David also proved that Jodi violated provisions of the parenting agreement that prohibited her from discussing with the children "issues of marital conflict." At the hearing, David offered several examples of instances where Daniel refused to visit him after Daniel had discussions with Jodi about certain monetary disputes and issues of marital conflict. For example, Daniel refused to visit David because David would not pay for his summer camp and because David had sold the marital residence pursuant to the provisions of the dissolution judgment. As detailed above, the trial court specifically found that Jodi was responsible for making Daniel leave a message on David's answering machine, stating that he would not visit David because he was "uncomfortable" that David was selling the house. David also introduced evidence that Daniel refused to visit him on David's birthday after Jodi showed Daniel a subpoena she had received in regard to the instant proceedings.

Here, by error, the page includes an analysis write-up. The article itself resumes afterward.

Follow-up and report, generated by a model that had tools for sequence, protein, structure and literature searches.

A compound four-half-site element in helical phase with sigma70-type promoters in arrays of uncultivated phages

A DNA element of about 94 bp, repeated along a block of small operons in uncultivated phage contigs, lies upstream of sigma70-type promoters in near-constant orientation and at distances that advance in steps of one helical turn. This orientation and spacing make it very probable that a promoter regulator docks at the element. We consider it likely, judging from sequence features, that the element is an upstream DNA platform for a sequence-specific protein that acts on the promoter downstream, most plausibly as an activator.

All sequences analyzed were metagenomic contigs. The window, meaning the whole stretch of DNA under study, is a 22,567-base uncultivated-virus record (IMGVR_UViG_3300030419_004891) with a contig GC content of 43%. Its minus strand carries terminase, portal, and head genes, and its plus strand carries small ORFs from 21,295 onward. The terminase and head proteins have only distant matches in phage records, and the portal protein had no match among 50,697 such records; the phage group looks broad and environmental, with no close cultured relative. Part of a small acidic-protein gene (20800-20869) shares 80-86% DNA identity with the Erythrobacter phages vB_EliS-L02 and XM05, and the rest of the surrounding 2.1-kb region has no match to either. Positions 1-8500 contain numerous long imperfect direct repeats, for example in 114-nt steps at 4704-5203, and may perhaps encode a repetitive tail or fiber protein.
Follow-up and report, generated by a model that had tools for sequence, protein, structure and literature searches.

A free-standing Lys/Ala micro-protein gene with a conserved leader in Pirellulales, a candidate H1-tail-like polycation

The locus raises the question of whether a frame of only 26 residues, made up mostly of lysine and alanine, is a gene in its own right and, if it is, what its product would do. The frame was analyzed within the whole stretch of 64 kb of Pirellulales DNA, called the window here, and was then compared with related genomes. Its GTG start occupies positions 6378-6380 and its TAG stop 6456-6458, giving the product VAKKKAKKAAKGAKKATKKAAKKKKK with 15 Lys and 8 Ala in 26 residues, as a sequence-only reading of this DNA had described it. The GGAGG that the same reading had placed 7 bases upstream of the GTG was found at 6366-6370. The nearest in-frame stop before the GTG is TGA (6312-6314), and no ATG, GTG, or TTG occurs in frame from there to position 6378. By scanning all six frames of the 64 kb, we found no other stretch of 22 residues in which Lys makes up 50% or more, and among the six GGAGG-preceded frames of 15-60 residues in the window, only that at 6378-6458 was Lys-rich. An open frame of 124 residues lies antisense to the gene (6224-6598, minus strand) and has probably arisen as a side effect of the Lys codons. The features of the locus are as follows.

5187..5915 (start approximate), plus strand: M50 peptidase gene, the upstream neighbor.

David also proved that Jodi had violated provisions of the parenting agreement requiring her to "cooperate in facilitating [David's] obtaining of the children's grades and progress at school," "authorize [David] to inspect the children's school and medical records and to communicate with teachers, school personnel, counselors and physicians to discuss the children's standing and progress," and "cooperate in advising the school to notify [David] of programs open to parents." During her testimony, Jodi acknowledged that, on December 8, 2004, she had written a letter to Erica's school with instructions to remove David from "any list as a contact person." Finally, David proved that Jodi refused to require the children to participate in psychological counseling with Dr. Burns despite the provision of the parenting agreement requiring the children to do so.